In our harried and litigious world, it’s tempting not to send rejection emails or letters to applicants.
If employers fail to send notices of rejection, it’s usually for these reasons:
1. High volume of applicants — Depending on the situation, job-opening announcements can create hundreds of responses.
2. Fear of lawsuits — Employers often fear legal actions by rejected applicants.
3. Apprehension over unintended consequences — By sending notices, managers don’t want a flood of applicants calling – either hoping they can get the decision reversed or being reproached for declining to hire the rejected applicants.
4. Trying to keep options open — Some bosses are leery about the No. 1 applicant. They think they can hire the No. 2 applicant if the first person fails to be a successful hire.
But it’s bad form to appear rude and unprofessional.
For applicants, it’s very annoying to be rejected. It’s even more infuriating for them not to be treated with dignity and common courtesies.
It’s best to remember the Golden Rule. Treat applicants as though you’d want to be treated.
No exceptions – every applicant, though obviously unqualified, deserves to be treated with professionalism.
It also demonstrates you have positive employment practices as a terrific company.
There’s another factor to consider: Applicants are prospective customers. Do your best to avoid creating bad feelings by sending a simple letter.
This is an important philosophy in the hiring process as you build and brand your company. This will help you to build a culture of trust, integrity and respect.
You can send legally smart rejection letters.
Here are the dos and don’ts:
1. Use a template to avoid risk. Don’t send a custom or personalized letter. You risk a legal reaction if you send incorrect or too much reasoning for rejecting the person.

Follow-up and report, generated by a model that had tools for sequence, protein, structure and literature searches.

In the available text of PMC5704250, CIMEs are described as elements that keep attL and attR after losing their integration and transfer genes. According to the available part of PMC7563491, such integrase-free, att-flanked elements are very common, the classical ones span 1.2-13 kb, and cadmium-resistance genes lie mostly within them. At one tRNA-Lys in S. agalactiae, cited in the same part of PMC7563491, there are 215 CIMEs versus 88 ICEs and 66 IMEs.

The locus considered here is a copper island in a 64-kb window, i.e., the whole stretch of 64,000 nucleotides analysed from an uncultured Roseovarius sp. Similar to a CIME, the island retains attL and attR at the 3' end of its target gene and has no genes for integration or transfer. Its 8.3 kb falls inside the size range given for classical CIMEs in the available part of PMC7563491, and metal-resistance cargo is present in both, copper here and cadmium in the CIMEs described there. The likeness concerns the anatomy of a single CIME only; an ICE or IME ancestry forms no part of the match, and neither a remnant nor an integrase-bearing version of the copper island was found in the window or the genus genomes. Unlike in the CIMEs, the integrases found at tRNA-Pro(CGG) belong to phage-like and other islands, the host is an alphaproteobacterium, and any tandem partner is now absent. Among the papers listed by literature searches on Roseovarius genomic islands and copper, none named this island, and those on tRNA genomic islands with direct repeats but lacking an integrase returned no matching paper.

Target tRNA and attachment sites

2. Don’t mention or refer to the qualifications of the successful applicant or applicants – either as an individual or group of applicants in-general.
A litigious person might hire an attorney. You’d soon get a letter demanding to see applications of the other candidates.
3. Don’t indicate you’ll keep the person’s resume on hand for future openings. You’ll open yourself to legal challenges should you misplace or destroy the resume.
4. Don’t intimate the applicant should apply for future openings. Also, don’t suggest any specifics. Why? You’ll create the idea in the person’s mind that you believe the applicant is suitable for other positions. Multiple turn-downs to the wrong person often leads to going to court.
5. Keep the rejection concise with graciousness. Be polite and insert the person’s name in the salutation.
6. Thank the applicant but quickly mention the rejection followed by wishing the person good luck. End the rejection with “Best wishes,” or “Sincerely,” followed by your name and title.
7. Be careful about using empathy. Don’t write “Unfortunately…” or “I’m sorry.” As it is, you incur some negativity but don’t make it worse than it needs to be.
8. Send the letter as soon as possible. Making a candidate wait only creates more resentment.
From the Coach’s Corner, relevant information:
Vital Strategies to Avoid EEOC Discrimination Suits — Federal employment discrimination complaints are sky-high — a sad commentary for businesses and public agencies that are large enough for a human resources department. Here’s what you need to know.
In Tight Job Market, How to Market Your Company to Applicants — With the unemployment rate at the lowest it’s been in more than five decades and with seven-million unfilled jobs in America, this is a tight market for attracting talented employees. So, if you need to fill a position, the last thing you want is to be turned down by an applicant who appears to be a perfect fit for your culture.
Hiring Applicants: 5 Deadly Sins of Even Savvy Managers — In this competitive and litigious marketplace, small details in human resources can make or break a company. Even though an organization’s performance matters, many managers unfortunately take shortcuts in the hiring process.
Management Strategies for Productive Applicant Interviews — You must be assertive – ask the right questions and listen intently to cut through the morass of canned answers to get the answers you need to make good hiring decisions.
Basics to Consider Before Writing Nondisclosure Agreements — If you have business secrets to protect you might want to use a confidentiality policy, a nondisclosure agreement and possibly a noncompete agreement. Here are the pros and cons.
“Time spent on hiring is time well spent.”